# Elements of Solution Files

Let us dig a bit deeper into the structure of the RMarkdown file that specify an RTutor problem set. Here is the code of a simple problem set.

Important: If you want to run this example, copy the Rmd file on Github. Copy pasting the code below won’t work.

#< ignore
{r "Create problem set files"}
setwd("C:/folder_of_this_solution_file")
ps.name = "SmallExample"; sol.file = paste0(ps.name,"_sol.Rmd")
libs = NULL # character vector of all packages you load in the problem set
create.ps(sol.file=sol.file, ps.name=ps.name, user.name=NULL,libs=libs)

#>

## Exercise 1 -- Summary statistics

a) We often want to compute some summary statistic of a vector.
For example:
{r}
x = 10:20
# Computing the sum of x
sum(x)
#>

Now compute the mean of x.
{r}
mean(x)


As in a normal RMarkdown down file we have text and code chunks intermingled. In addition RTutor recognizes several keywords with special meaning.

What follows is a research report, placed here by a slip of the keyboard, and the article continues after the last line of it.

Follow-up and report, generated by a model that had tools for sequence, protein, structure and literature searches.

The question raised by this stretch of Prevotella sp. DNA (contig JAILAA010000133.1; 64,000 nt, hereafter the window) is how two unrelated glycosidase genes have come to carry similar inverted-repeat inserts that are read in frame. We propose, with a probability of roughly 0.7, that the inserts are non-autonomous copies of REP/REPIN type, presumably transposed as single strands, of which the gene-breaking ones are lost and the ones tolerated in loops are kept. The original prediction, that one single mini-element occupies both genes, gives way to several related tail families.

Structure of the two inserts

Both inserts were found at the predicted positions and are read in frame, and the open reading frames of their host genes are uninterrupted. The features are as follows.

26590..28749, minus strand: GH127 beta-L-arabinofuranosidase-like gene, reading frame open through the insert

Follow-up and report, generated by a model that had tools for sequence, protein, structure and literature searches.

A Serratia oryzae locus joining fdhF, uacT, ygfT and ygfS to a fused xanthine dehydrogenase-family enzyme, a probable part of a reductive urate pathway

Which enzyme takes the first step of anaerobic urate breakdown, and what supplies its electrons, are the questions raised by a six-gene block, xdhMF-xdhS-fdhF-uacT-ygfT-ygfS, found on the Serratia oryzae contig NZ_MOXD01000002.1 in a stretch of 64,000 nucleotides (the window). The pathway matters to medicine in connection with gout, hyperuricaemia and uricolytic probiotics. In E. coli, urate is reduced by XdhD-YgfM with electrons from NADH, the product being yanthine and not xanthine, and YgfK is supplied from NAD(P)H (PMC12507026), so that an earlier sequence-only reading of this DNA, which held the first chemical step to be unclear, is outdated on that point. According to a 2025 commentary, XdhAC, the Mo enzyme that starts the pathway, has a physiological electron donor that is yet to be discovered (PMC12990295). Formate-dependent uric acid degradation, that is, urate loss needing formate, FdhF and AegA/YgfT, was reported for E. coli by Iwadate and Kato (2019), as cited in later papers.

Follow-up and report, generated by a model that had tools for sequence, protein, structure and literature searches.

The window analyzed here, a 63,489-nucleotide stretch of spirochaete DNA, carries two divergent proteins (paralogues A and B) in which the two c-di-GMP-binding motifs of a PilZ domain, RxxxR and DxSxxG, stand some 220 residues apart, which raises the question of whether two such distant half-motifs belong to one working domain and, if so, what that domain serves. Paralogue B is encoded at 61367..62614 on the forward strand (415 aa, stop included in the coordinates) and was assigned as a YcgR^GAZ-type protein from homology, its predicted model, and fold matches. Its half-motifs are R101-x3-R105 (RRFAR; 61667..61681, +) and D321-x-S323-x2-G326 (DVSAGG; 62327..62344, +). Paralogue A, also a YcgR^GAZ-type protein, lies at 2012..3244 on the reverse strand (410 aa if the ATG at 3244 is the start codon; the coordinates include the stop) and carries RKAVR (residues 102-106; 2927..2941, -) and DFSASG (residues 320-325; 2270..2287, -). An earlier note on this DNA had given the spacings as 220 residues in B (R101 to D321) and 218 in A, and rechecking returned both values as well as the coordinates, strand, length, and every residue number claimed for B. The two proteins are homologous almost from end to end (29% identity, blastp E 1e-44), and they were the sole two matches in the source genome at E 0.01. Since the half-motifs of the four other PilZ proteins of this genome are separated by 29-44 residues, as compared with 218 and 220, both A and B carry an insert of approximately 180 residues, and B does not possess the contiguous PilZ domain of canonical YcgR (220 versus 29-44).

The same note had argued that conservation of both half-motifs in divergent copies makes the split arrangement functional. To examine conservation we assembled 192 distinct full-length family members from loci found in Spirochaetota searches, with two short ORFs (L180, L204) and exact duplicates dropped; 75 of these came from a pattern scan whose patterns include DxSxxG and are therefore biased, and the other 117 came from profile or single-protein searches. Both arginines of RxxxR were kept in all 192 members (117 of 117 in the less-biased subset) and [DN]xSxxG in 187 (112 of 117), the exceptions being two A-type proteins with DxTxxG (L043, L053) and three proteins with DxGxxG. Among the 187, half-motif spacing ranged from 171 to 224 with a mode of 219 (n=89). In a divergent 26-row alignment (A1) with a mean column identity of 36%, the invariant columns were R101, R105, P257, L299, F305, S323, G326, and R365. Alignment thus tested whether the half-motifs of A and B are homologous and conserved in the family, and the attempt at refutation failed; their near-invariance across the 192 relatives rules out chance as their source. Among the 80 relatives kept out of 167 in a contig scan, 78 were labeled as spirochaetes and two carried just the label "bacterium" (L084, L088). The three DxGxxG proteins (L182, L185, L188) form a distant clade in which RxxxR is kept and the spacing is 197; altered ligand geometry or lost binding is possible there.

In the example above, we have:

• An exercise header starting with ## Exercise.
• There is an ignore block starting with the line #< ignore and ending with the line #>. Inside the ignore block we have the setup chunk.
• Inside the first real chunk we have a task block starting with the line #< task and ending with the line #> Chunk code inside a task block will be shown to students. Chunk code outside any block describes the sample solution that will not be shown.

Run the setup chunk and take a look at the empty problem set SmallExample.Rmd that you can give to students. Places where students have to enter code will be marked by.

{r }
# enter your code here ...


Below we give an overview of the most important special keywords and blocks you can use to specify an RTutor problem set.

A solution file must consist of one or more exercises. An exercise starts with a line like

## Exercise 1 -- Summary statistics

You can pick any label for the exercise (it can include spaces). Yet, the recommend format for the exercise name is an exercise number, optionally followed by -- and a short description, as in the example above.

It is necessary that your line starts with

## Exercise